5. So higher z values would give higher CLEs and higher probabilities, so this is just a matter of scaling – the bigger numbers still mean a thing is ‘better’ and we’re still provided with an internally-consistent metric with which to compare things. He’s made an error in the presentation of his values, but what exactly does it change?

  6. To some extent Jerome is right that the CLE issue is not the key thing – in the book higher “Hattie-CLEs” do match with higher effect sizes in the sense he wants to use them. Of course, if you’re going to use a named measure whose definition is agreed with the community, you should calculate it in the way agreed (or invent a new name for your new measure and give us a darned good explanation for why we need another new one and what it provides).

    But this is far from the key issue with Hattie’s book. There are more statistical issues: e.g. at the start of the book he provides a funnel plot to provide evidence that there is no publication bias, but plots it with the axes reversed and makes claims which can’t be justified if one plots it correctly (and Hattie in other publications has shown that he knows how to plot a funnel diagram). But way more important than his statistical faux pas are the conceptual ones: one just can’t compare many of the correlational and interventional effects; how can one magically combine the effect for sickle cell anemia with the effect for calculator use with the correlation between self-predicted grades and actual outcomes and then come up with a single number against which all effects must be compared. Worse still, how dare one say that studies which show females outperforming males are perforce negative?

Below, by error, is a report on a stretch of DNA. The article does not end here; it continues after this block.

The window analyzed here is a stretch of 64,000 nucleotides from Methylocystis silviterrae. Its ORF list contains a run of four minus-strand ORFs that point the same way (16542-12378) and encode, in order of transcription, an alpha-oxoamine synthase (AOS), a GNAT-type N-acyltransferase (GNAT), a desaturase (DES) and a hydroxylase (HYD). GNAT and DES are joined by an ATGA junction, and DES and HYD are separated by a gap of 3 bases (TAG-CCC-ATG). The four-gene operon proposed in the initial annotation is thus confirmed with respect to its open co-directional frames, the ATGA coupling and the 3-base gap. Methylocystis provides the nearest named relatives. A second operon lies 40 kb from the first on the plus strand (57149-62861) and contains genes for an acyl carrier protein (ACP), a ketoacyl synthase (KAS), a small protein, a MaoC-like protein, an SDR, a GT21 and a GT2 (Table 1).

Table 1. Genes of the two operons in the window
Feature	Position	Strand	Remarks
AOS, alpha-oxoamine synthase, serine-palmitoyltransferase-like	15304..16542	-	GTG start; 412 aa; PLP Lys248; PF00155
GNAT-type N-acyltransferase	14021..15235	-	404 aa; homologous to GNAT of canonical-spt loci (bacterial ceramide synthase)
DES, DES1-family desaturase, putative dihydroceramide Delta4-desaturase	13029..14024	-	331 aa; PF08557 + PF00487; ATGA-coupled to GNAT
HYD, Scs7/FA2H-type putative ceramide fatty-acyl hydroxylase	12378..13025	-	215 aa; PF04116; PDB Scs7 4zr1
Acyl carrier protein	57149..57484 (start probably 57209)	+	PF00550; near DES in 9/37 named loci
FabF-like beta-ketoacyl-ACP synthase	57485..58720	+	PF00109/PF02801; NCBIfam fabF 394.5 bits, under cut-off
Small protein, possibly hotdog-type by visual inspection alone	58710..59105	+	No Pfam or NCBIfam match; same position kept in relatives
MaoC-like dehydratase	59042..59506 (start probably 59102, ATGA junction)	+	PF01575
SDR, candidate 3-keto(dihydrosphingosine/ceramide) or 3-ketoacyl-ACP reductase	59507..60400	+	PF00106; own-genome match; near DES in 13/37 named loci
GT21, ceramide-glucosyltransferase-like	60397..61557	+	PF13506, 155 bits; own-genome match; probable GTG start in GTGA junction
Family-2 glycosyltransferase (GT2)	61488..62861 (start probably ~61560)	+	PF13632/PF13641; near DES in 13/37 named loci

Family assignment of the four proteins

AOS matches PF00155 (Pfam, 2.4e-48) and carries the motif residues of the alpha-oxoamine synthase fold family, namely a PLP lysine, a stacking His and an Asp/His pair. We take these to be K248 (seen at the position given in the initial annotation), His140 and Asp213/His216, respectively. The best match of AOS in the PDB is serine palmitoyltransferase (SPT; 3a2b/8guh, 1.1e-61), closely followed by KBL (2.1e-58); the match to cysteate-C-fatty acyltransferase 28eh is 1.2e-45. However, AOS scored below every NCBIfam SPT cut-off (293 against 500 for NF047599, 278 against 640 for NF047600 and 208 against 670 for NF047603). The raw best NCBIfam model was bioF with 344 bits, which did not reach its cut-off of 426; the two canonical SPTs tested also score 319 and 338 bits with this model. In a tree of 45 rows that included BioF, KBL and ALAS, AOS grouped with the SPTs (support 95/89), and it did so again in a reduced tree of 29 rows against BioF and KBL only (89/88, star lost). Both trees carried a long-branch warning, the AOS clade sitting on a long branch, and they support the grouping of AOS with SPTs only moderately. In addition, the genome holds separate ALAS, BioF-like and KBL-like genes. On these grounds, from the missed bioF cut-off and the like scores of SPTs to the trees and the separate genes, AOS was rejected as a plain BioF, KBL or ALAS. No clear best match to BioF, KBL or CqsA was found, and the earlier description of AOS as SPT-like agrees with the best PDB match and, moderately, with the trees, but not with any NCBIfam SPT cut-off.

The idea of trying to give people who make educational decisions a simple way of deciding between different changes which might be implemented in schools and individual classrooms is honourable. But they’re dangerously seductive supports for mysids bias and misinterpretation. Hattie and others (as well as making statistical and conceptual howlers) haven’t thought through the issue that a busy head teacher or headline seeking politician is unlikely to understand the statistical nuances which lie behind simple effect sizes. It is far more likely that they’ll implicitly be saying to themselves “Ooh, the effect size for homework is 0.3 and the effect size for after school clubs is 0.2, so we’ll cut after school clubs and boost homework”.

  7. Pingback: John Hattie admits that half of the Statistics in Visible Learning are wrong | ollieorange2

  8. Of course there is a third option that you don’t give us at the end…. That your analysis is flawed and misunderstands the Visible Learning Research. The fact that you left that one out is disappointing.

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  12. So what should educators do? Who should they take notice of? The average teacher or principal relies on researchers getting their calculations right and then interpreting these in laymen’s terms. What is the way forward? Scrap Hattie’s findings? Recalculate and publish? Explore other research (and who?).

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  16. Hattie’s methods are flawed and his maths are incorrect. Which we all know. But it is still a useful list to orientate yourself by, I think. Like any research it should be used to provoke thought, guide practice but not followed like the Bible. (Not even the Bible should be followe like a bible!) Just because you can pt statistics to something doesn’t mean it is true, correct or objective. But it also doesn’t mean that you need to reject the whole argument.